Clean your yards, code enforcement in full swing

Clean your yards, code enforcement in full swing

CALDWELL COUNTY- Residents of Caldwell County might want to consider parting ways with junk cars and trash heaps to spare themselves a visit from the county code enforcement officers- and move out of RVs and campers. 

During Monday's Caldwell County Board of Commissioners meeting, the commissioners heard a progress update from local code enforcement officers, Curt Willis, who is enforcing junk ordinances, and Teresa Kinney, who is enforcing zoning ordinances. 

Willis was the first to speak, giving a thorough presentation of the many blights he’s helped to clean up in the six months he’s partnered with the county. Willis is currently the code enforcement supervisor at The Western Piedmont Council of Governments (WPCOG) and handles code enforcement for Caldwell County and several of the county’s municipalities. 

“Our vision for code enforcement is to be an assistant to the county and municipalities,” he said. “We want to provide a fair and unbiased enforcement of the ordinances, and correct the violations, and have the people become compliant.”

Willis also explained that as long as citizens are complying and communicating with the code enforcement officers, they try to extend as much grace as possible, as well as extend the time citizens have to comply to up to 60 days. 

While WPGOC offers several services, Willis is tasked with enforcing junk and debris nuisances, and junk and nuisance motor vehicles for county residents.

To qualify as a junk vehicle, Willis said, “the vehicle has to not have a license plate, if it has a current license plate, it does not matter what it looks like, we can not write it up.”

“If it does not have that, and it appears to have been wrecked, appears to not be able to move itself…like it’s sitting on flat tires with grass up to the doors, if it’s in pieces that are laying around in the yard, it’s considered a junk vehicle,” Willis said. 

While flipping through various before and after photographs of trash piles, abandoned vehicles, and nuisance properties found around the county, Willis detailed that the code enforcement officers take cases on a complaint basis.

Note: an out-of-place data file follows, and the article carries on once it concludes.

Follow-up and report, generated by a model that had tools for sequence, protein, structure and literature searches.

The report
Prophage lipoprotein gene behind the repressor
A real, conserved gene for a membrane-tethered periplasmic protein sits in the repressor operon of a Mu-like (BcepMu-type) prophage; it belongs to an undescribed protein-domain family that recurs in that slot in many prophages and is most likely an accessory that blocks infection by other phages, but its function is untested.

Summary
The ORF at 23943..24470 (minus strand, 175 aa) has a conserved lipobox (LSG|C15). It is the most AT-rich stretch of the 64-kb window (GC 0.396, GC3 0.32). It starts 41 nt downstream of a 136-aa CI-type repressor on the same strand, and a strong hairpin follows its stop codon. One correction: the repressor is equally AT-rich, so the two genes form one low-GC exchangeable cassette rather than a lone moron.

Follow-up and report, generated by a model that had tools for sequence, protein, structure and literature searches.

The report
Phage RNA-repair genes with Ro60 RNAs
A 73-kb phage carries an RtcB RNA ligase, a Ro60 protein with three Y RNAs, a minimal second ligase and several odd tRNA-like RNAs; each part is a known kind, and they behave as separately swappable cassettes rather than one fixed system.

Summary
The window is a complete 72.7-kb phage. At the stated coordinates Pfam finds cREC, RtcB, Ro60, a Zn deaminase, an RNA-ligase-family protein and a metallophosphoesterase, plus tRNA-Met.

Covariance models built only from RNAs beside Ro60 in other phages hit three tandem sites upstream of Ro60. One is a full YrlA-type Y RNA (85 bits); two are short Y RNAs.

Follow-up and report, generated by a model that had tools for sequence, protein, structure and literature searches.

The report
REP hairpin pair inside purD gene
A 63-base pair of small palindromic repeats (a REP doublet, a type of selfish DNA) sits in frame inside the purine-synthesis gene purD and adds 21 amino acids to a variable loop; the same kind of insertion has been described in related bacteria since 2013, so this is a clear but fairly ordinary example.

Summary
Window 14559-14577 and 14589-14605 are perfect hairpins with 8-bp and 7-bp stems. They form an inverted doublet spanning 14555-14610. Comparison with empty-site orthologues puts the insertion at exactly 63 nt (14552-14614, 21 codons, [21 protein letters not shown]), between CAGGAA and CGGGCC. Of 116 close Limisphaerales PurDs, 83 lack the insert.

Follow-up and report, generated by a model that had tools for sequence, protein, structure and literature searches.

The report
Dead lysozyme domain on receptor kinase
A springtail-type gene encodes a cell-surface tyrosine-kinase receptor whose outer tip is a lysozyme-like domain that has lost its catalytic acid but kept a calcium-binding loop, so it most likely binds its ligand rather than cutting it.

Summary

“Trash is the garbage…what we all know as garbage and trash that we throw away. Junk would be old appliances, old tires, any kind of steel stuff, barrels, stuff like that.”

Willis also said debris complaints would be handled, such as tree limbs and abandoned construction areas.  

“Part of what I do I feel like is the Lord’s work, because somewhere there’s a wife that is so glad that truck is leaving or there’s a husband that’s so glad his mother-in-laws car is finally leaving.” 

Kinney took to the podium next to say, “zoning enforcement is probably not as dramatic.”

“I work on basically the flood damage prevention ordinance…which helps you maintain your insurance program, so people that do have properties located in a flood zone can maintain their subsidized insurance through the (Federal Emergency Management Agency)"

Kinney also handles complaints such as property breaches and reports of people living in RVs or Campers. 

“In the state of North Carolina…campers are not to be used as a means of permanent residence, and that seems to be something that we get a complaint on quite often here in the county.”

That comment piqued the interest of Commissioner Jeff Branch, who said, “I don’t like that idea.”

“I wonder if we could change ours to where people can live in campers?  I know people that sell their house and buy a $500,000 camper and live in it, and travel. As long as they’re hooked up to water and sewer, why can’t somebody live in that camper?,” he asked. 

Kinney then reiterated that the ordinance comes directly from North Carolina mandates, and that to impose a new ordinance would entail speaking with the county attorney for further assistance.

County Manager Donald Duncan spoke up saying, “We do have what I would call a compromise, where if someone is building a home…they can live in a camper, as long as there is an active building permit.”

Vice Chairman Mike Labrose capped the conversation by saying, “I just want to thank the COG (WPCOG) and both of you for helping Caldwell County…we want to make sure we don’t infringe on property owner rights, but then again we want to make sure our county is kept clean and presentable, for people to come and live, and raise a family.”

“I know some people are pack rats, and that’s okay…just keep it orderly, keep it nice,” he said. 

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